Community Conservation

Founded in 2011 to address conservation outside of protected areas, the Tacugama Community Outreach Programme (TCOP) works with rural communities towards achieving sustainable natural resource management and wildlife conservation. It is necessary to support these key stakeholders if we are going to succeed at stopping the loss of biodiversity.

TCOP targets communities living in close proximity to known chimpanzee populations. Currently the TCOP team works in 7 districts of Sierra Leone (Moyamba, Pujehun, Bombali, Tonkolili, Falaba, Koinadugu and Western Area). The goal is to achieve sustainable management of natural resources, promote the cultivation of alternative non-vulnerable crops and sensitize people to the need for a respectful coexistence with chimpanzees. Using a multifaceted approach, the program aims to conserve wildlife species and their habitat, while simultaneously meeting the livelihood needs and development of local human communities.

Communities are supported by Tacugama through livelihood support, for example alternative livelihood initiatives that can include fruit tree planting, livestock farms, community woodlots, and inland valley swamp rice production. The goal of these alternative initiatives is to eliminate the need for dependency on bushmeat hunting and deforestation, and to provide communities with sustainable sources of income which result in local autonomy and poverty alleviation.

One common practice at Tacugama is the distribution of seed supplies to assist local communities in engaging in sustainable agriculture practices and community food production. For instance, the supply of swamp rice, an alternative to the upland rice variety which often requires forest areas to be cleared in order to plant. The rice also serves to mitigate human-wildlife conflict, because rice is not susceptible to crop raiding by wildlife.

Health & Hygiene

To improve health and hygiene in rural communities minimizing defecation in the bush/forest is essential. TCOP often provides means to construct latrines and other WASH (water, sanitation and hygiene) components. Improving sanitation in communities greatly decreases the risk of disease transmission between and among both humans and wildlife.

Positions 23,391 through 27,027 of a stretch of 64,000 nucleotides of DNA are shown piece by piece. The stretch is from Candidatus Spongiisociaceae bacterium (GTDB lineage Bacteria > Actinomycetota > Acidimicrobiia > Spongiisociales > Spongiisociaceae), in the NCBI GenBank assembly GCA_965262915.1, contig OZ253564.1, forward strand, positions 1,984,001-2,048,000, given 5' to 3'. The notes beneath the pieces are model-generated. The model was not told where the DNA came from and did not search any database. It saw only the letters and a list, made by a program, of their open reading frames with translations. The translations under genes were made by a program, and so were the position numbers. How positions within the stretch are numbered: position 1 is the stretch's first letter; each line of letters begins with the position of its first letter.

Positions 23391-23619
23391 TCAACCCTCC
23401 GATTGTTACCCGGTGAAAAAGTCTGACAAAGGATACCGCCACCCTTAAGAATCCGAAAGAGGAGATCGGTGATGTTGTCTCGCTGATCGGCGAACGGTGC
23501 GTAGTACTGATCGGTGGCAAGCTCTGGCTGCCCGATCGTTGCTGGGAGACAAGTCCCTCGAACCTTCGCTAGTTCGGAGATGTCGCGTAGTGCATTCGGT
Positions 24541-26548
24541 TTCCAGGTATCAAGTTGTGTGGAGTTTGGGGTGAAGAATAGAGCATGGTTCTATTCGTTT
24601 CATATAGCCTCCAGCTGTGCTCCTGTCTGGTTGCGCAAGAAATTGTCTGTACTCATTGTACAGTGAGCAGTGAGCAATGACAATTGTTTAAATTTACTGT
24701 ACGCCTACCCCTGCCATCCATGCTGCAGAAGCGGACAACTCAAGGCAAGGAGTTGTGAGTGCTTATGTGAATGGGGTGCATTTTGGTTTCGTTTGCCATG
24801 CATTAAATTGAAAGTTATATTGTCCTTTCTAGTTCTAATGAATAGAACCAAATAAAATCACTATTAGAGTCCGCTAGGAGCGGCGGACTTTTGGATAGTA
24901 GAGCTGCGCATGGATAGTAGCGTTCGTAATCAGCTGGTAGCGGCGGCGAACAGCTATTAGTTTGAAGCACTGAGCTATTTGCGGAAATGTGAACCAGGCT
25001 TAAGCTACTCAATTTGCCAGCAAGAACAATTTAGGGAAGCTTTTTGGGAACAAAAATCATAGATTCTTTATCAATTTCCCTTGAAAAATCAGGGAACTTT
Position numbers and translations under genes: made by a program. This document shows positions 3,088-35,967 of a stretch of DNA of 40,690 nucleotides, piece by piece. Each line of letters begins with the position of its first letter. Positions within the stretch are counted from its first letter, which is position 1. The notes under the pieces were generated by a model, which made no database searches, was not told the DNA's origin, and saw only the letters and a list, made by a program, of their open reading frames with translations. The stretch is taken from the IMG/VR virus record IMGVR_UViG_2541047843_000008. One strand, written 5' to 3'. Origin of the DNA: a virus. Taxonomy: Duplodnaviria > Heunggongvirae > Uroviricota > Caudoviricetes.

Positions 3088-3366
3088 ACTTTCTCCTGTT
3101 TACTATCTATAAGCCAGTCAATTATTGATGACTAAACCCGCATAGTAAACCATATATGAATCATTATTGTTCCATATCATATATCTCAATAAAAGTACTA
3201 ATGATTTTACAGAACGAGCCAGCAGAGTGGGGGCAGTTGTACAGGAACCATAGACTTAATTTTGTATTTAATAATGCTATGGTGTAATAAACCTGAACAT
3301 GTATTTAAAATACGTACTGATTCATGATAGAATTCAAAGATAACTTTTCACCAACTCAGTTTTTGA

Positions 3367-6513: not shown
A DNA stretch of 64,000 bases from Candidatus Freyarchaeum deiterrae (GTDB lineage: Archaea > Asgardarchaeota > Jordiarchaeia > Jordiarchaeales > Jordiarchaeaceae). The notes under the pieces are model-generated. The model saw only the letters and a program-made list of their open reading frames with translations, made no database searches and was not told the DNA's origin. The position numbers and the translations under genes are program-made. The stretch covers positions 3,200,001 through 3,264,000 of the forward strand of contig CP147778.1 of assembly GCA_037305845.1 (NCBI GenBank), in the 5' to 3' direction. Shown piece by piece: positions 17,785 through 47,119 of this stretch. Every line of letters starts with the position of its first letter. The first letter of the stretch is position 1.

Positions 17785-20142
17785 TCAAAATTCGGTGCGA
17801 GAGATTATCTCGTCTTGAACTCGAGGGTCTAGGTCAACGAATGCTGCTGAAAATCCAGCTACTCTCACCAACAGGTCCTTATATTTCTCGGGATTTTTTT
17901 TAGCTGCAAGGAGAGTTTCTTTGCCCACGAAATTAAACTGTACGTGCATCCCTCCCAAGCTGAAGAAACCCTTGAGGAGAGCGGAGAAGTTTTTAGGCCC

Borehole construction in Sorbengi village, Moyamba District (March 2021)
Borehole construction in Sorbengi village, Moyamba District (March 2021)

In 2021, Tacugama collaborated with Sunday Foundation to build a secondary school in Mansonia – one of the villages closest to Loma Mountains National Park. Until then there were no secondary schools in Mansonia, or in any of the nearby communities, meaning that once children reached the age to go to secondary school, they were unable to continue their education. By assisting in the building schools we are able to lend a helping hand to younger generations so they can further their education and have brighter prospects for the future.

TCOP facilitates workshops and implements poster campaigns in all target communities. We aim to increase knowledge and awareness of chimpanzees as an endangered species protected by the law and emphasize why they and their habitats should be protected. Chimpanzees are used as an umbrella species to underscore the importance of protecting ecosystems, including other endangered species such as the tree pangolins, West African manatees and Timneh African Grey parrots.

Distribution of posters on the main road to Liberia (2018)

In addition, TCOP creates awareness at a national level through the main media channels in Sierra Leone to promote these conservation values, incluiding radio, newspaper, TV and social media. We have also recently launched our new ‘Chimpanzee National Animal Awareness & Protection Campaign’!

TCOP Team on Capital Radio (Sept 2021)

Treeplanting is the perfect initiative that helps fight against deforestation and mitigate climate change. Ensuring that communities understand the need to give back to the forest and to never cut down a tree without planting another is a crucial goal of TCOP.

Tacugama has been growing its own tree nursery at the sanctuary since 2009, including mango and guava trees, and will provide some fruits for the sanctuary while generating local employment. Ultimately, we wish to demonstrate the potential for successful small-scale plantations thus encouraging local villagers to plant for themselves. Nevertheless, when possible the team also embarks on large-scale tree planting missions. In 2021 we planted close to 45,000 tree seedlings in Sierra Leone.

TCOP has a total of 46 patrol officers stationed across Sierra Leone – 9 in the Western Area, 21 in Loma Mountains National Park, 6 in Jaibui Island and 10 in Mobondah. These officers are actively engaged forest protection and wildlife monitoring, which leads to their regular naming as eco-guards.

The eco-guards are taught to used SMART (a wildlife monitoring application) and Gaia GPS to record signs of wildlife and illegal human activity. The information collected is transferred to the Tacugama office in Freetown and used to generate monthly reports that are subsequently shared with the National Protected Area Authority.

The importance of having a system of eco-guards throughout the country is evident by the fact that it is often the eco-guards who provide intelligence to carry out chimpanzee rescue missions, and their knowledge of the terrain, signs and trails means they are perfect participants to carry out field work for chimpanzee census or camera-trap surveys.